Intellectual property considerations for entrepreneurs
Posted on 11/03/2017 at 12:00 AM by Amy Plummer
Do you write and create software for your start-up business? Have you developed a new and unique invention? Maybe you hope to operate your own photography studio, open a bakery with a catchy name or sell graphic design services. Regardless of the products or services you intend to offer, all entrepreneurs should be thinking about how to protect the intellectual property of their start up business.
Intellectual property, also known as “IP”, is a common term used to describe several different types of property rights that apply generally to concepts or inventions including brand names or creative works.
There are primarily four categories of intellectual property rights, including: (1) trademarks; (2) copyrights; (3) patents and (4) trade secrets.
A trademark is a word, symbol or phrase used in connection with the sale of goods or services. Think “Crock-Pot,” “Hacky-Sak”, and “Photoshop.” The reason an entrepreneur should take steps to protect trademarks is so consumers can distinguish the goods or services that your business sells from those sold by other businesses.
Though you may be able to obtain common law rights to a trademark within a certain geographic area by simply using such mark, there are advantages to obtaining registration of your mark with the U.S. Patent and Trademark Office. These advantages include: (1) the exclusive right, throughout the United States, to use the mark in connection with the type of goods or services that your company sells; (2) establishing a basis to bring an infringement lawsuit against a third party using the same or similar mark; and (3) providing notice of ownership to the public within the United States.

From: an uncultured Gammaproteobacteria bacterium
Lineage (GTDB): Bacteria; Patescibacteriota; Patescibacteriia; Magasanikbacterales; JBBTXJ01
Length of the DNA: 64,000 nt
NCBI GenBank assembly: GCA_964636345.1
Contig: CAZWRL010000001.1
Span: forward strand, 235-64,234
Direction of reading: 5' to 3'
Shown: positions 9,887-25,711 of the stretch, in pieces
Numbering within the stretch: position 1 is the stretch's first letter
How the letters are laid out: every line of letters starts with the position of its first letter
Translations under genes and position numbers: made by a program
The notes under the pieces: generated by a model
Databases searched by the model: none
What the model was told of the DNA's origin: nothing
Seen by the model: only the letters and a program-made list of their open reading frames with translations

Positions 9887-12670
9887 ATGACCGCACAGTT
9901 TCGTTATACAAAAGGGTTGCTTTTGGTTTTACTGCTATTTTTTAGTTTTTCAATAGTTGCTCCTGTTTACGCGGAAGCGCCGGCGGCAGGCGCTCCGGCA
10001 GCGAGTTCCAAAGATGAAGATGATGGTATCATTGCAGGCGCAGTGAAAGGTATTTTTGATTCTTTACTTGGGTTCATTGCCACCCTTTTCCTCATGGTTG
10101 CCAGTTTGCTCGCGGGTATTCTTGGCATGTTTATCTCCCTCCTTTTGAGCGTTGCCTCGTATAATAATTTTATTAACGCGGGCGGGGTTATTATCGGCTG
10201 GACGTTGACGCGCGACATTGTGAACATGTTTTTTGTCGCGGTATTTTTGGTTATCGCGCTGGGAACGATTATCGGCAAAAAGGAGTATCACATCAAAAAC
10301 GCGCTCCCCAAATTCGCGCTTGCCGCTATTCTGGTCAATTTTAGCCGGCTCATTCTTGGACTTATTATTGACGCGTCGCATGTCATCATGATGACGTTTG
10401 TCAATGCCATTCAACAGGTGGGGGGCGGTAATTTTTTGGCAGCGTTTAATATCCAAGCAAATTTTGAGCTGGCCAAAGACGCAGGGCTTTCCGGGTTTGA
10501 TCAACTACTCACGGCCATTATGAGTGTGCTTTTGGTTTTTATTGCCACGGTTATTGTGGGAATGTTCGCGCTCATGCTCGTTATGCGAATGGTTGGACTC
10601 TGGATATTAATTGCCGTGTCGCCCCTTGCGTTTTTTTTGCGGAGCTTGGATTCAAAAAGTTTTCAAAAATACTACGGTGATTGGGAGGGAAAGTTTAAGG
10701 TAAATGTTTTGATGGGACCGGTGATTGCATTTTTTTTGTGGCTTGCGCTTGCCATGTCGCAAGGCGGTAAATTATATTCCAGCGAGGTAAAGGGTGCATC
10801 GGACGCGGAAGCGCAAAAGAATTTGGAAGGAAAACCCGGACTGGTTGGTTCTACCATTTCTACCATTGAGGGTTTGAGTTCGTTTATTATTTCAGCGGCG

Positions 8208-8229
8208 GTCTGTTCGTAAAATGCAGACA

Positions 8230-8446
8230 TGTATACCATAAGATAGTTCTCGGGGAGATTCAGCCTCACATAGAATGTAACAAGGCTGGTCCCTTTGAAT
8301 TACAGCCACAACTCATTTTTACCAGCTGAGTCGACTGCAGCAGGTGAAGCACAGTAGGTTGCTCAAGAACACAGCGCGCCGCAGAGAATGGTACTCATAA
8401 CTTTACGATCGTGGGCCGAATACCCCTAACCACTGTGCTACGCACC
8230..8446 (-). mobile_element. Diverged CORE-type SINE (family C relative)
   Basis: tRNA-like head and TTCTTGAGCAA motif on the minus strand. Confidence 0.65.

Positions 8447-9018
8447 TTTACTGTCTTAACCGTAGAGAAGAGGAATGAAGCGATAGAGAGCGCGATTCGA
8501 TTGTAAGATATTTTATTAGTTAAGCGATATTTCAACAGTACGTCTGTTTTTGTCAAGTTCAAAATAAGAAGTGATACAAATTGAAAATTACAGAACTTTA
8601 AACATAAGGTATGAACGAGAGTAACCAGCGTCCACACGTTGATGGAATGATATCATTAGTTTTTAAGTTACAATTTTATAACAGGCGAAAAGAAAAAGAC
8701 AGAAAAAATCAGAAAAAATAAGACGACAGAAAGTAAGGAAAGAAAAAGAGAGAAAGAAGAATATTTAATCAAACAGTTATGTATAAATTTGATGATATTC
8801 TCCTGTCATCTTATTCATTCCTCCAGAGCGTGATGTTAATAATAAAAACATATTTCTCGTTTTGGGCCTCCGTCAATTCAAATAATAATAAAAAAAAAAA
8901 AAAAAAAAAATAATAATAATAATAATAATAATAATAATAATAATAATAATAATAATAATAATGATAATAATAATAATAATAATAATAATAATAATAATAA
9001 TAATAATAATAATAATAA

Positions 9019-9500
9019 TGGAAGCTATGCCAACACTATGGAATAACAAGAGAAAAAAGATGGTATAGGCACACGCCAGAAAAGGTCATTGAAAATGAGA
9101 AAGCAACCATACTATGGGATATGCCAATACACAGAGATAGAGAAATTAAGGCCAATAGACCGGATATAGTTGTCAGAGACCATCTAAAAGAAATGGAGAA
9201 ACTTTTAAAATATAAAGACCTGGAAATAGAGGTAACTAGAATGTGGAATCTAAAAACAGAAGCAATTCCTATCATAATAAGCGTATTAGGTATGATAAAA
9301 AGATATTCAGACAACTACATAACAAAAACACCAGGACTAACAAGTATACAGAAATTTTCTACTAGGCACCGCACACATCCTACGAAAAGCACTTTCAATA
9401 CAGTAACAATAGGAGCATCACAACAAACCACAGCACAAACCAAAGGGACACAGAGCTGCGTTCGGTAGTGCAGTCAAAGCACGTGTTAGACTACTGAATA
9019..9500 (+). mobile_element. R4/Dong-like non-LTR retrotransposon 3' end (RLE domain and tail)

A copyright is a type of intellectual property right that protects creative work, such as music, literature, photography, illustrations, architecture, computer programs and photography. Copyright is unique in the sense that it is automatically created as soon as the work is fixed in some form of physical medium. For example, copyright exists the moment an author prepares a written work, when an artist or illustrator designs a drawing, a photographer takes a photograph or a computer programmer types computer code. For a crash-course on the importance of copyrights to start-ups, see The Social Network.